geothermal power plant

Magma scheme could revitalise UK-Iceland power cable project

An £80m project looking into the possibility of producing geothermal energy from magma has been launched in Iceland.

If successful, geothermal wells could produce up to 10 times more energy than a conventional well.

The project is being coordinated by Iceland’s Geothermal Research Group (GEORG) and the British Geological Survey, with the participation of 38 institutes and companies from 11 countries including the United States, Canada and Russia.

Producing geothermal energy from magma would enable Iceland to export more energy and could also revive a plan to build a power cable from Iceland to Britain to provide power to British homes, via what would be the world’s longest power interconnector.

Iceland, a volcanic island that produces all its electricity from geothermal energy and hydropower, agreed with Britain last year to study building the 1,000 km long IceLink cable. 

Those plans were delayed due to Britain’s vote to leave the European Union. There was also concern in Iceland that exports would increase domestic power prices and reduce the island’s attractiveness to energy-intensive industries such as data centres.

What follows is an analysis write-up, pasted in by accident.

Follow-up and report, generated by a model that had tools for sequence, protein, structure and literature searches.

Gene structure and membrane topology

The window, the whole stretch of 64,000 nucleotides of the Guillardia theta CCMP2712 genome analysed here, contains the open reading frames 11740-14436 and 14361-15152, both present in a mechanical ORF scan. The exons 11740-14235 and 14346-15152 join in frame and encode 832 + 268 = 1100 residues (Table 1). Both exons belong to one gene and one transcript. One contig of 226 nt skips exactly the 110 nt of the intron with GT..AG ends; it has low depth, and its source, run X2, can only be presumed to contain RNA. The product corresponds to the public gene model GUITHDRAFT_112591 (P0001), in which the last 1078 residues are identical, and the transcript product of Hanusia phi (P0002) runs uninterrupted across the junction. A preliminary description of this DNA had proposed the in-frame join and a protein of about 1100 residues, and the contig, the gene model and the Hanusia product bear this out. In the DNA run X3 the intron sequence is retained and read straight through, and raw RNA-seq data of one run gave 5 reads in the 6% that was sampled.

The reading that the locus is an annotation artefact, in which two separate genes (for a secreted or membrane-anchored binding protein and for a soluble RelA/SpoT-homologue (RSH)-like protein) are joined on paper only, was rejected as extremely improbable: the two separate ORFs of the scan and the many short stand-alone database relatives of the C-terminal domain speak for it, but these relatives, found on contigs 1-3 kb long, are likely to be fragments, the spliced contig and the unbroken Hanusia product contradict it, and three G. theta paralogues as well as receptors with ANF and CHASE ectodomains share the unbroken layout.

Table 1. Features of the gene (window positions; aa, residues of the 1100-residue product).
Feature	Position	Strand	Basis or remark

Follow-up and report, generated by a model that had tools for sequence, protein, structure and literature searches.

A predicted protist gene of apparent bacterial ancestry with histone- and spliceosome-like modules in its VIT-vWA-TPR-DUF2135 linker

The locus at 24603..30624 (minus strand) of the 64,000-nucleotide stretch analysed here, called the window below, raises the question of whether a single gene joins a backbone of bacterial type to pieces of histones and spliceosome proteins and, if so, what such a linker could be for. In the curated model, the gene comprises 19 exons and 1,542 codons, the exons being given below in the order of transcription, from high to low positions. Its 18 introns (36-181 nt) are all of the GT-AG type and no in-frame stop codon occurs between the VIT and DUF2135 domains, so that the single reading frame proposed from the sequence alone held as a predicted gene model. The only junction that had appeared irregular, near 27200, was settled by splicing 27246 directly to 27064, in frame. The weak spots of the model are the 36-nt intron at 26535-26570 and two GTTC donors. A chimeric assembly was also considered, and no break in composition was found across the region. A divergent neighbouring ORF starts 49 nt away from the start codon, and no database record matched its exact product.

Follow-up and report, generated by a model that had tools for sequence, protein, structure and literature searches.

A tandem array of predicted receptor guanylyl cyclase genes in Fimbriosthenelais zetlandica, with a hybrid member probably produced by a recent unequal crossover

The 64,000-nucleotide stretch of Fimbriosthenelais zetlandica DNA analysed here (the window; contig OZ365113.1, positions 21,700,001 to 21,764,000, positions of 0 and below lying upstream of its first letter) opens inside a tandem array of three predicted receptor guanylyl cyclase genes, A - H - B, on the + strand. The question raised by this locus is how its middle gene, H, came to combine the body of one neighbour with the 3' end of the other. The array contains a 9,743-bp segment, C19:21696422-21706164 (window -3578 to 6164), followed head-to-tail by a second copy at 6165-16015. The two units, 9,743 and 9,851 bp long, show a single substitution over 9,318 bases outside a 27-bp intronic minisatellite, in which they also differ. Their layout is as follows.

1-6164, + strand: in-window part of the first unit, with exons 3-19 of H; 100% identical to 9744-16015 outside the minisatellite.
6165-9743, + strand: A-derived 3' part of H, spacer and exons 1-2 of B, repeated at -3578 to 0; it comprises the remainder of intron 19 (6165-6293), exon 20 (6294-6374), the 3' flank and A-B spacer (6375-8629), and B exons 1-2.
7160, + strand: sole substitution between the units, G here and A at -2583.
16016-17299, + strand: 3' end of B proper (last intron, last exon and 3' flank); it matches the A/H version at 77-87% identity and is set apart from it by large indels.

“The [possibility of increasing geothermal energy supply in Iceland] would most certainly be a boost to the proposed plan as there were worries on the effect on local prices with increased exports,” said Wayne Bryan, an analyst at the British Alfa Energy consultancy.

A general view of the Krafla geothermal power plant in Reykjahlid

Britain’s National Grid would continue to look into the Icelandic interconnector link, a spokeswoman said.

The magma project, called Krafla Magma Testbed, will involve drilling a hole 2.1km deep directly into a magma chamber below the Krafla volcano in northern Iceland.

The first phase of the project is planned to start by 2020 and will cost £24m, the British Geological Survey said in a statement on Friday about the study, which also aims to explore the mechanism of eruptions to protect communities from volcanic disasters. It said it was confident of securing the financing as a number of countries and companies had expressed interest in contributing, but did not give details.

“A magma geothermal well can produce 5 to 10 times more energy compared to a conventional well,” said Sigordur Markusson, a project manager for Icelandic utility Landsvirkjun, which will develop the site.

In a country like Iceland with frequent volcanic eruptions, capable of disrupting Europe’s aviation system, the project’s security is a priority, said Hjalti Pall Ingolfsson, head of the project for GEORG.

“It is quite secure. We have already reached magma before... Nothing indicated that we could cause an eruption,” he said.

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